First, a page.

Parrot, arrows & diamonds

The top section of Green Parrot is now put together. I still have to decide what I will do with the border. I had better decide soon! I am constructing my quilt (as always) in sections. The bottom will be identical to the top, and then there are the sides. You've seen the middle section which is now stitched together.


I'll add the sides to the middle section once they are constructed so there will be three pieces, the top (as shown above), the bottom and the middle. It is at that point that I will decide what to do with the border. I'll make it and attach it to the sections. It is much easier to work with the sections rather than adding the border to the entire quilt top. The sewing is going fast now so it won't be long until I need to decide on the border.

I teased you with a picture of the middle of an old hexagon quilt that I started many years ago.


This one deserves to be finished so it has been added to the current pile of projects. Want to see what the entire top looks like? Well here it is! My working name for this quilt top is diamonds and arrows. Before you people get too carried away I have to tell you that this quilt is MUCH easier to construct that you think. The hexagons are 1" and I foundation pieced on the hexagon paper before continuing in the usual method of English paper piecing. There are lots of tutorials on my blog about this technique. Just click on the tab English Paper Piecing Instructions & Hexagon Fun. If you don't find what you are looking for just ask. I'll can add a link to a tutorial OR I can write a new tutorial to explain what I did and how I did it!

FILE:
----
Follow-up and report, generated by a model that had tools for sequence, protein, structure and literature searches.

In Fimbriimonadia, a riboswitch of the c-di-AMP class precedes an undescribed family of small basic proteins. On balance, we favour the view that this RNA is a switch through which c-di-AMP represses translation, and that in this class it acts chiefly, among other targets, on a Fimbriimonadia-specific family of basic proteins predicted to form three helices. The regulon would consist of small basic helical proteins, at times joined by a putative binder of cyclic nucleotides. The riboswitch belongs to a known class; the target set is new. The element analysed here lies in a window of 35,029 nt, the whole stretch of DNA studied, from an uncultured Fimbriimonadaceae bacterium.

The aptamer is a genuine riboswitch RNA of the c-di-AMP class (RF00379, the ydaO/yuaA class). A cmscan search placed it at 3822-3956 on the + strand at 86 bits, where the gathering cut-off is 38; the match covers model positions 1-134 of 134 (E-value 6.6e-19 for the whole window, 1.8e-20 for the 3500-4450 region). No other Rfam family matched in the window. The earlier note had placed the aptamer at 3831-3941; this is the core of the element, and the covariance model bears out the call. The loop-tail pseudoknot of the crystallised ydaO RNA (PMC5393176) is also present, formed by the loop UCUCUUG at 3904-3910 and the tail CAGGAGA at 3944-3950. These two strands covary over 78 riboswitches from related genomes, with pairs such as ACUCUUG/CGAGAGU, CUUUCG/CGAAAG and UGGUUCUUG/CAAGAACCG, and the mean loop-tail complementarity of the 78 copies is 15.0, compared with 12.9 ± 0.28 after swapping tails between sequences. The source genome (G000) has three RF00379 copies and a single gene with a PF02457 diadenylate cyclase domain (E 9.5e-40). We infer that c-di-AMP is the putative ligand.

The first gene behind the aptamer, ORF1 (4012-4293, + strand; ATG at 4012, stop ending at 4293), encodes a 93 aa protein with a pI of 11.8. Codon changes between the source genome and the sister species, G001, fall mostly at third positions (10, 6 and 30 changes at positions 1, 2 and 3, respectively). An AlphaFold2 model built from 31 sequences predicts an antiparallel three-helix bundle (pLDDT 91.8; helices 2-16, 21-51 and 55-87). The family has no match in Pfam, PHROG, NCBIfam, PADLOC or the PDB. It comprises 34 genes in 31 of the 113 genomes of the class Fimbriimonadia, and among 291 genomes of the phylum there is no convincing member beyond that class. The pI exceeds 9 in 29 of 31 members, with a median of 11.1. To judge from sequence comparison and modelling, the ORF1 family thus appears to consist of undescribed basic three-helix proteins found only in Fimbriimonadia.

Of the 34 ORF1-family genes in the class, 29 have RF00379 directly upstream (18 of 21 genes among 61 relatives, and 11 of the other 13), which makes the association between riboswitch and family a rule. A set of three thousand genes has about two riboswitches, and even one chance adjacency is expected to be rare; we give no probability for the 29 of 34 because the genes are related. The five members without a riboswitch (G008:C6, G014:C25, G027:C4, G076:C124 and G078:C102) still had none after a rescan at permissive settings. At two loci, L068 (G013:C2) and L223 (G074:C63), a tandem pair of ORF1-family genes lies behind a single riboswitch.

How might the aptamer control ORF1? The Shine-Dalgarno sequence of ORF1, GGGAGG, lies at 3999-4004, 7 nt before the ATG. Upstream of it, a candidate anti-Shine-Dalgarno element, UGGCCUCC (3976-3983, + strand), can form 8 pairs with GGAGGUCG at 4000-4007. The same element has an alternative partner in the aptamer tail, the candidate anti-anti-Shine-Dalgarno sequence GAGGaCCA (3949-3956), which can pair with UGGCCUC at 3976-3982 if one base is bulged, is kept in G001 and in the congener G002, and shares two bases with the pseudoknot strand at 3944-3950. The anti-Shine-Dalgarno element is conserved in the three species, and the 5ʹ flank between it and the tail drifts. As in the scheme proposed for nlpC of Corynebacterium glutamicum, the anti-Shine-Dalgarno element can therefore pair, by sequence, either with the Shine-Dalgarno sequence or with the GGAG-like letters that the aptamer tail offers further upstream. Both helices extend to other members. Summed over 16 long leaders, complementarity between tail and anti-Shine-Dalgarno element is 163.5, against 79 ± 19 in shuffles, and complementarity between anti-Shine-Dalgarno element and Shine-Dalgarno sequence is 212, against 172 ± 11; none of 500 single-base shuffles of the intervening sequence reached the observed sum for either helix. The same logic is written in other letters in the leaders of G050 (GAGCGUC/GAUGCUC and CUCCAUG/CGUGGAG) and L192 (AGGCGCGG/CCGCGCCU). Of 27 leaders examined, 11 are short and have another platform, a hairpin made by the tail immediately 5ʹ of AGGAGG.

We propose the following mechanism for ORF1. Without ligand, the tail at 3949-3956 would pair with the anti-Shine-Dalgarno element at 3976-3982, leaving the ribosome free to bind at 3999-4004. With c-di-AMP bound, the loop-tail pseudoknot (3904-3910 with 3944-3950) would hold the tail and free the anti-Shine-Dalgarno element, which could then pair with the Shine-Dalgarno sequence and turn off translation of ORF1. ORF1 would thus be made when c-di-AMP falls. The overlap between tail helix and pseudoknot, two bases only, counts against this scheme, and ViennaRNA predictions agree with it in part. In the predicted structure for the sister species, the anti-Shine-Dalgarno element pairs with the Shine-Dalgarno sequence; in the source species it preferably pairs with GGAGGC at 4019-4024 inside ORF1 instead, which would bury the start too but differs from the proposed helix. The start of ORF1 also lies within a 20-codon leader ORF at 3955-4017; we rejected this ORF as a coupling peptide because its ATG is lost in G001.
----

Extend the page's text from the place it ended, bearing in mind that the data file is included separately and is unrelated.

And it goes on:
My plan is to add another border of the dark brown  spikes before adding more hexagon stars. If I were to make this again there are some changes I would make but for the most part I am happy with what I've done.

On June 28 I shared some of the things I do to help speed up the process of sewing. Bees Knees Granny was kind enough to share what she does and it is brilliant! She wrote "My focus for needle threading is best at the beginning of the session. I use a Clover needle dome to hold up to ten threaded needles. Great for travel, too. Whether using the needle dome or a pincushion, I knot the thread as I thread each needle, then pull the thread so the knot is right up against the eye. The thread never falls out of the needle while stored this way--just remember to pull the knot down before beginning to sew!" Great tip and one which I'm going to use.


Until I post again, happy sewing.
Karen H

Tuesday, June 30, 2015

Getting to the bottom of it

I am ready to get working on the top and bottom sections of my Green Parrot quilt and will reuse the two sets of two rows of rosettes that I removed from my Birds in the Loft hexagon quilt. There were 25 rosettes in each set, 13 in one row and 12 in the other. I split this section so that there were 9 rows in the top row and 8 in the second row. The remaining 7 rosettes (4 in one row and 3 in the other) were stitched to one of the stars that were removed from the sides of Birds in the Loft. I  had added a round of dark cream and pink hexagons around the stars which will fit into the top and bottom of the medallion.

Stars removed from Birds in the Loft

Once the star was stitched to the remaining rosettes, the unit was added to the left side of the two large rows of rosettes.The red arrow shows where the rosettes were removed and where they were moved to. This will be the bottom edge of the quilt so the unit is hung upside down!